What is E-commerce?
E-commerce means buying or selling goods online. From the first glance, it looks like an obvious step in the retail industry. First, everyone made a website for their business. Then contact forms appeared, and these evolved into online orders. But if you dig deeper, the last step is not as simple as it seems. To provide secure, fast, and safe online payments, people had to do a lot of work in the backend. It is one of the marvels of human technology and cooperation, on par with the invention of the CPU.
Even before the pandemic, the e-commerce industry was growing. Just in 2018, the total sales reached 3.3 trillion dollars. The number of buyers grew as well. Everything looked well for the industry, but things went crazy as the world locked down for the first time.
In the year 2020, the pandemic hit, and many stores closed doors for their customers. E-commerce, in particular business-to-customer deals, were the only means to buy “non-essential” goods. The first months of the pandemic showed the immense value that online trades could provide to the economy. The total sales rose as high as 4.2 trillion dollars that year.
Then most retailers opened online stores and provided delivery options. The job market changed as well, seeking people who could create and maintain the new systems. These include programmers, designers, and e-commerce consultants.
The Power of E-Commerce
Two traits make the e-commerce industry unique and increase its value. The first one is the absence of any limits imposed on the buyer. As long as the website is online, the deal will happen. The logistic expenses are non-existent for digital goods and lessen for physical ones, as a physical store is unnecessary. As long as the customer clicks “buy” the deal will proceed.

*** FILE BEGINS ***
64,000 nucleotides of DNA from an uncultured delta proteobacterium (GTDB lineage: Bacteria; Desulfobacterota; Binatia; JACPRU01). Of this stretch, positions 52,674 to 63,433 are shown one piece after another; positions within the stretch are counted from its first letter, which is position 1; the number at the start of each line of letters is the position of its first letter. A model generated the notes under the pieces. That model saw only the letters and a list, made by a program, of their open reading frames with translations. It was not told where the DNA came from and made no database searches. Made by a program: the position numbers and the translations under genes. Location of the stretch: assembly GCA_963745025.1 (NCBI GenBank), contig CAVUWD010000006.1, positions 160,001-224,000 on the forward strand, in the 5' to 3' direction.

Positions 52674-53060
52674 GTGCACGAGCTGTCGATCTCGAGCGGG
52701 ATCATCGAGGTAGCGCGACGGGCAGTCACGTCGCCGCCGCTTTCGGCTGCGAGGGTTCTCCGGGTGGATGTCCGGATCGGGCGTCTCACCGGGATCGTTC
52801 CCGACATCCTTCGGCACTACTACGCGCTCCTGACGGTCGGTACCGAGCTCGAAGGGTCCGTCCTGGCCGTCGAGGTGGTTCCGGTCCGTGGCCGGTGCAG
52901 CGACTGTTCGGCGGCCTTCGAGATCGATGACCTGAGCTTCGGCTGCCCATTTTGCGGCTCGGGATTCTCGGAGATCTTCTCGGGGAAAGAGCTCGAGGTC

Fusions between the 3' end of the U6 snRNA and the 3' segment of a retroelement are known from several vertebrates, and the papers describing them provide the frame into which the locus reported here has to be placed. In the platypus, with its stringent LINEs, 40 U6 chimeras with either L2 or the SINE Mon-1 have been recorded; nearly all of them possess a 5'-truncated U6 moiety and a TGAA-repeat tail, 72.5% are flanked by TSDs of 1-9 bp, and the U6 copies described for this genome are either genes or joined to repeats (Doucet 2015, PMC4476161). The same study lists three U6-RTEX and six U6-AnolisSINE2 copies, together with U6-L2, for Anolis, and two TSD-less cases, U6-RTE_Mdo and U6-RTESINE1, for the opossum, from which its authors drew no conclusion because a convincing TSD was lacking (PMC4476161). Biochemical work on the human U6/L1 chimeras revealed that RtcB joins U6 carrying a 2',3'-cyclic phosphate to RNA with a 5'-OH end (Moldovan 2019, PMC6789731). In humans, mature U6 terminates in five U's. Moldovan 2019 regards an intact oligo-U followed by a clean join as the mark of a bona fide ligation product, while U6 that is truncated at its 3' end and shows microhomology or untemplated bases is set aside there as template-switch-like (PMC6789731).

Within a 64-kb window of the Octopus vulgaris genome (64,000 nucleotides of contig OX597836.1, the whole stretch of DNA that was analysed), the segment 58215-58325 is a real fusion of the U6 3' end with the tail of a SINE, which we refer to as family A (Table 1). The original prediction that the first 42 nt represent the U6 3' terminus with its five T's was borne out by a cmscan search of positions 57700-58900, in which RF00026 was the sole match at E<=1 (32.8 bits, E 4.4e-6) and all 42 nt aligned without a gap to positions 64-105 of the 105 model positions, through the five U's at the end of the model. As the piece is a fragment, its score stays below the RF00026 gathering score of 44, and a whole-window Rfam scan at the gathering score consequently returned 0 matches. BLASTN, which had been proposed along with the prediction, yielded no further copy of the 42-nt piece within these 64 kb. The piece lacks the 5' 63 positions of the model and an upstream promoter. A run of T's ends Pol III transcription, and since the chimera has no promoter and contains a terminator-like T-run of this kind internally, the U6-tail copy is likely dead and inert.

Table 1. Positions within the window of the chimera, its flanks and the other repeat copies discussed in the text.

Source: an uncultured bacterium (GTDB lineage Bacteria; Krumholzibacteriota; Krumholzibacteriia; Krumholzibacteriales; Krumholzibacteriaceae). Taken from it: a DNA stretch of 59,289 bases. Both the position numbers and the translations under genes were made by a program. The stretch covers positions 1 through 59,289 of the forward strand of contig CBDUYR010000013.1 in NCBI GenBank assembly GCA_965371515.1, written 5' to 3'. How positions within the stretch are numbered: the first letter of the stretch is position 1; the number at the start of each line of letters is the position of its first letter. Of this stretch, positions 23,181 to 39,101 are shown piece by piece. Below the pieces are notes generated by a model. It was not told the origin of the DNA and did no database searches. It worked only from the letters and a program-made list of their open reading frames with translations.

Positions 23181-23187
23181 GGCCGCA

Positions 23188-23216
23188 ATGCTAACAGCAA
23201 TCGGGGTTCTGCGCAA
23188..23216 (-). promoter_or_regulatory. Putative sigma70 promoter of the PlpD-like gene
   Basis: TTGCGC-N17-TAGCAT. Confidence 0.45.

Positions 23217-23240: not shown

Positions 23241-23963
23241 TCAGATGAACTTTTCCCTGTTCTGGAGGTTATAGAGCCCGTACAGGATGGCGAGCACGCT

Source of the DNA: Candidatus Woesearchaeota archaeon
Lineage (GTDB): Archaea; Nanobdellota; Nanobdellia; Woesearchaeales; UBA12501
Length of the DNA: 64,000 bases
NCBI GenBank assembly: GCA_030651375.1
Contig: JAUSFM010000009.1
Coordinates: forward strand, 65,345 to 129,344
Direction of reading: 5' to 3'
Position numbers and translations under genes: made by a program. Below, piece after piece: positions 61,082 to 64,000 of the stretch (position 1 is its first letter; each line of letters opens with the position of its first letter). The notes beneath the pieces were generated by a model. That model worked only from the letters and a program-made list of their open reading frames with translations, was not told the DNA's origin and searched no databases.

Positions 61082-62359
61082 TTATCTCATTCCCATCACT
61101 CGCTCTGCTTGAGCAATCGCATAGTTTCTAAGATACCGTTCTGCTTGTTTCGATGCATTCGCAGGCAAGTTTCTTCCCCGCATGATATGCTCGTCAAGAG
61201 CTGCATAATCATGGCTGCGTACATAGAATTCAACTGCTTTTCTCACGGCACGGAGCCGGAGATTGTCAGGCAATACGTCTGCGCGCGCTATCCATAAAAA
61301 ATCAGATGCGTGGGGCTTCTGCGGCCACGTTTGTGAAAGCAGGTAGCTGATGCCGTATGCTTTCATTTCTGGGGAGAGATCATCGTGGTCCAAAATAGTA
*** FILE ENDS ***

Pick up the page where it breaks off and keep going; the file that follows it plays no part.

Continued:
The second one is the marketing potential. There is little friction to buying a product, and most sellers aim for three clicks to go from the product page to checkout. It provides a lot of room for targeted marketing and optimization.
Superiority of E-commerce
A comparison between an average shop and an online store reveals the true power of e-commerce. A shop has a limited number of customers in the area. They come in once in a while and buy physical goods, spending their time and resources on transportation. There is a cost increase associated with rent. A separate facility or room is necessary to store stock. Most importantly, store owners know nothing about their customers, unless there is a loyalty program to gather data.
Compare this with an online store. The delivery is possible within a large area, which increases the potential customer pool. The rent is lower as the warehouse can be anywhere, and the delivery prices within one city don’t usually change. For a customer, there is no friction associated with buying something, as the order is delivered to their doorstep.
Moreover, the amount of data the seller gets about their customers is unmatched. Which pages of the site do people visit, where do they stay longer, what are their devices. All this information is priceless, and a good marketer can do a lot for a business with it.
It is obvious now that the world will never return to a “pre-covid” state. A lot of things have changed, and more will change. In this new world, e-commerce has become one of the dominant industries. Many people work in it, providing the seamless experience of buying in three clicks.